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10 lies Far Cry 3 tells us about normal people in extreme situations

Survival of the fittest

Far Cry 3 protagonist Jason Brody is just a regular dude trapped on a regular island (which just happens to be inhabited by psychopaths). He has no military training. He might've played a few first-person shooters back before he was captured by murderous pirates, but he's never so much as held a real gun. Or a grenade. Or anything that even remotely resembles plastic explosives. But he wields them all just as handily as any Captain Price, Master Chief, or Alex Mason, because he must do so in order to survive.

Jason Brody is an everyman--a reflection of what any one of us could accomplish if placed in his shoes. While we absolutely loved Ubisoft's open-world first-person shooter, we couldn't help but wonder: If we were all as "normal" as Jason, what latent skills might we awaken in our greatest time of need? We look to the Brod-ster himself for the answers.

Everyone can properly handle firearms and explosives

You may initially detest using deadly force--but you'll turn into a pirate-pwning god the second you get your mitts on a gun. It doesn't matter if you've never shot one before, or if you don't have any formal firearm instruction. Neither did Jason, and he pops domes with remarkable accuracy. After all, it's not like people dedicate years of their lives to marksmanship!

The hard part is finding a gun. Once you do, you'll know how to chamber a bullet; how to reload a magazine and insert it into a weapon; how to equip and calibrate things like silencers and scopes. And you'll never have to worry about any of these things failing, or your shoulder getting sore from all that recoil. Best of all, when bullets just aren't enough, you'll know exactly how to prime a grenade, molotov cocktail, rocket launcher, C4 explosive, flamethrower, or any other super weapon without fear of complication. That's just how normal people roll.

Zip-lines are useful for busting into enemy compounds

Regular folks like to save the day in style. That's why God invented zip-lines and placed them throughout the jungles of Rook Island. One second, you'll be standing atop a recently liberated radio tower; the next, you'll be zip-lining straight into an enemy compound while brandishing a handgun like it's nobody's business.

Your enemies will surely perish as you swoop in guns blazing like a pistol-toting hawk attached to a lengthy piece of rope. Extra points if you descend the zip-line using only your bare hand. Gloves and hooks are for babies.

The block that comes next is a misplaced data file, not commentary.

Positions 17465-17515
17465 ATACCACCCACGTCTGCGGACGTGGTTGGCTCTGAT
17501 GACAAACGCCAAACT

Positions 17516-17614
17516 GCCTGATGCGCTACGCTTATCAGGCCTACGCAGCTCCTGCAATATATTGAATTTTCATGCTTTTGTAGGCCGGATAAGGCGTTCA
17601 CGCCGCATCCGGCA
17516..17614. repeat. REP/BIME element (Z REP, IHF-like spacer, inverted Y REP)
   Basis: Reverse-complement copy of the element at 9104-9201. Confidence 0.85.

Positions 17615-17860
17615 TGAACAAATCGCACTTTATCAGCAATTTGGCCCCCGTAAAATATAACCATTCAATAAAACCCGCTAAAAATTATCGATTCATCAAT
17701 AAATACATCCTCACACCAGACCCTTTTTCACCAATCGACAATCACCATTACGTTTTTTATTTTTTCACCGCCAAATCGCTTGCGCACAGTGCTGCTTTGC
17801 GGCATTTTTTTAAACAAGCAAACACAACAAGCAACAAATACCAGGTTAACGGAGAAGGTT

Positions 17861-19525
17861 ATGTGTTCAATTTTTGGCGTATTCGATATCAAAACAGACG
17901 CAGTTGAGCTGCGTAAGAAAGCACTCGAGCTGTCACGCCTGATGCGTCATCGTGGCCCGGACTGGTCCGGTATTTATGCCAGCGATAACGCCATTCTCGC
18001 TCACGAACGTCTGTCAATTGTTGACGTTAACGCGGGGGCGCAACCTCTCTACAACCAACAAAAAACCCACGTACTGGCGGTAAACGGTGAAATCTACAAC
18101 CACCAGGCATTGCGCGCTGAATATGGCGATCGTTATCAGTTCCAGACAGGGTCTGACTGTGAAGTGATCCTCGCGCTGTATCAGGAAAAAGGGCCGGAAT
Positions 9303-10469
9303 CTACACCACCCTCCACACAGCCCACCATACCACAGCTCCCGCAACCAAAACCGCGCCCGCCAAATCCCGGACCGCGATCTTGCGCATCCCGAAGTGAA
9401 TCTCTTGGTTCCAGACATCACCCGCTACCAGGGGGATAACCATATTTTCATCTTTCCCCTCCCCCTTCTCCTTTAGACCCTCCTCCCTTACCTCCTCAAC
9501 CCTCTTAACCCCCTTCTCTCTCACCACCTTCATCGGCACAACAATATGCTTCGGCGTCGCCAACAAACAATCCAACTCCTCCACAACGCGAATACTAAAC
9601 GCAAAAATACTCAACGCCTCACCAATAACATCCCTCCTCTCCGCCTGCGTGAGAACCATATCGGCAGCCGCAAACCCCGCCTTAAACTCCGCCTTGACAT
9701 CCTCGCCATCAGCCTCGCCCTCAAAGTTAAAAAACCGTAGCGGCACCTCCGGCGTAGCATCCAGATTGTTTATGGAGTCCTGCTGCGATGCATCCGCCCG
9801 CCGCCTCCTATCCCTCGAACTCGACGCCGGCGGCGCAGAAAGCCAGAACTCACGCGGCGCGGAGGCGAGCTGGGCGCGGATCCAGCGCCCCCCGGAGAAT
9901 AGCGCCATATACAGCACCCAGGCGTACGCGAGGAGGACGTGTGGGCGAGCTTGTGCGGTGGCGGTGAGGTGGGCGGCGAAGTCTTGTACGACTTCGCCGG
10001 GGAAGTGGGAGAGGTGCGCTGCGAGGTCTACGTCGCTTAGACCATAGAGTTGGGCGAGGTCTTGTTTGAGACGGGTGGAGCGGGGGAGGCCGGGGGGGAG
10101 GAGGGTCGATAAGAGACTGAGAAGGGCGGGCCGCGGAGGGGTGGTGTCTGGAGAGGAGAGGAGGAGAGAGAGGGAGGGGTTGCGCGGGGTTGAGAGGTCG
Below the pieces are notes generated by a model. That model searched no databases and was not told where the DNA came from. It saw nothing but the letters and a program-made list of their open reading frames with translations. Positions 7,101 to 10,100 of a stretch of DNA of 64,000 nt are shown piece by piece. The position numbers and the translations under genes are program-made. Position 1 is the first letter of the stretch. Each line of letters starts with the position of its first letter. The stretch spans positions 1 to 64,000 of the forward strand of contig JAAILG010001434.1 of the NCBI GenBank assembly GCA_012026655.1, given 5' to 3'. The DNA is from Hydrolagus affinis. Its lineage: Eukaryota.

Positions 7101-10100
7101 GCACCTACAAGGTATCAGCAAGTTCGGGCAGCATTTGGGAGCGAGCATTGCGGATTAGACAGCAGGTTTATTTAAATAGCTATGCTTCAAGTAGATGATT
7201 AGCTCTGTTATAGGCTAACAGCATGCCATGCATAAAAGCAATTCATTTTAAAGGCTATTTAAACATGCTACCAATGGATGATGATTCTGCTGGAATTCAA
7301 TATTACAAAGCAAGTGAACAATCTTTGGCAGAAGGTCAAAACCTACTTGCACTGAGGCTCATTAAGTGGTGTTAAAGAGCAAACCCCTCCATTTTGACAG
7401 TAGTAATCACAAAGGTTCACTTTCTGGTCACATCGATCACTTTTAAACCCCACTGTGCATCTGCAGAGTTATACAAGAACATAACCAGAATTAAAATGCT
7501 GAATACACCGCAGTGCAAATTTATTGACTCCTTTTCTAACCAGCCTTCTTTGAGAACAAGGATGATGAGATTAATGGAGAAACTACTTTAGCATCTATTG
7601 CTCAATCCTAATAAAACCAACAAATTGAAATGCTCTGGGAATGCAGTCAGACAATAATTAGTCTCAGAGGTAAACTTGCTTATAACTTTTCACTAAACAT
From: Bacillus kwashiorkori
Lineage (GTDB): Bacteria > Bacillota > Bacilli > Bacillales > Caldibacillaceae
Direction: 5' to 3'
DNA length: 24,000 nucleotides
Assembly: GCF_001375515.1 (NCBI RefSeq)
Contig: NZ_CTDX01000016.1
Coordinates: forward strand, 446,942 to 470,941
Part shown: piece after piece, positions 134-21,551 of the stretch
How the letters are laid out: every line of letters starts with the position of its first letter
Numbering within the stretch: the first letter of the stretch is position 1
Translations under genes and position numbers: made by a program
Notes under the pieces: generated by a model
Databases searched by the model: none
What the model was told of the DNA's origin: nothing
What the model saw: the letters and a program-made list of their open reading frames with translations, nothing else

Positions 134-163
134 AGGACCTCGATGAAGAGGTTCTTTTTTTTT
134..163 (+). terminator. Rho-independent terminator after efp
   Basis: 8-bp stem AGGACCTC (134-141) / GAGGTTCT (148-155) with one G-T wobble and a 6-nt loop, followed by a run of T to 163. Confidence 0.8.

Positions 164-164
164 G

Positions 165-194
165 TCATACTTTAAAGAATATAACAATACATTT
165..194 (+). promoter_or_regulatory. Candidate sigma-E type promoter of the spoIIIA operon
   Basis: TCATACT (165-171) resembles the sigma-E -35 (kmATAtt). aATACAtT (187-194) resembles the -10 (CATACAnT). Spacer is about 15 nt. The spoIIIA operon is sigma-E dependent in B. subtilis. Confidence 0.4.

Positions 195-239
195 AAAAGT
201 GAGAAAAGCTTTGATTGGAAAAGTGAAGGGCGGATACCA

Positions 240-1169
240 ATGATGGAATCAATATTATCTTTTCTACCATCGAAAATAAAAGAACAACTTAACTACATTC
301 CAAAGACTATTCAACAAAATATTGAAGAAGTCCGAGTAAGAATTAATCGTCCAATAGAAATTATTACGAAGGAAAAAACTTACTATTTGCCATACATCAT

"Going stealth" means throwing knives with pinpoint accuracy

Sometimes you'll sneak up on an enemy undetected. You might take this opportunity to pass by without raising alarm; or, you might even take that pirate out all quiet-like and hide the body. But theres a good chance you don't have the expertise to pull something like that off--especially when there are two guards in close proximity.

Nay--when such an event occurs, there's only one logical course of action: Stab the first guard to death with a machete, steal his combat knife, and toss it with surgical precision into the jugular vein of the adjacent guard. He'll go down like a bag of bricks, and you'll give yourself a high five for pulling off such a textbook (and really quite obvious) maneuver.

Performing on-the-fly medical procedures is simple

Look, you're going to get shot once the bullets start flying. Hell, you'll probably even catch on fire a time or two once you bust out the flamethrower. But there's an easy way heal to your wounds and stay in the fight.

First, if you do catch fire, forget that "stop, drop, and roll" nonsense you learned in elementary school--what you need to do is slap your arms until the fire's gone. Once that's dealt with, you'll have to dig any bullets out of your body by prying them out with a knife. Easy peasy. You might have even dislocated your thumb; simply snap it back into place, and you're good to go. If you have any wounds more serious than these, consult a doctor. Alternatively, just respawn.

Hunting is only difficult if you're an idiot

Never been hunting before? No problem--killing animals is easy. See, most hunters get hung up on trying to track prey or use fancy baiting techniques. All those dummies really need is a good map that shows where animals live. Just take a gander at your magical parchment, drive on over to tiger territory, and open fire with that submachine gun 'til they drop.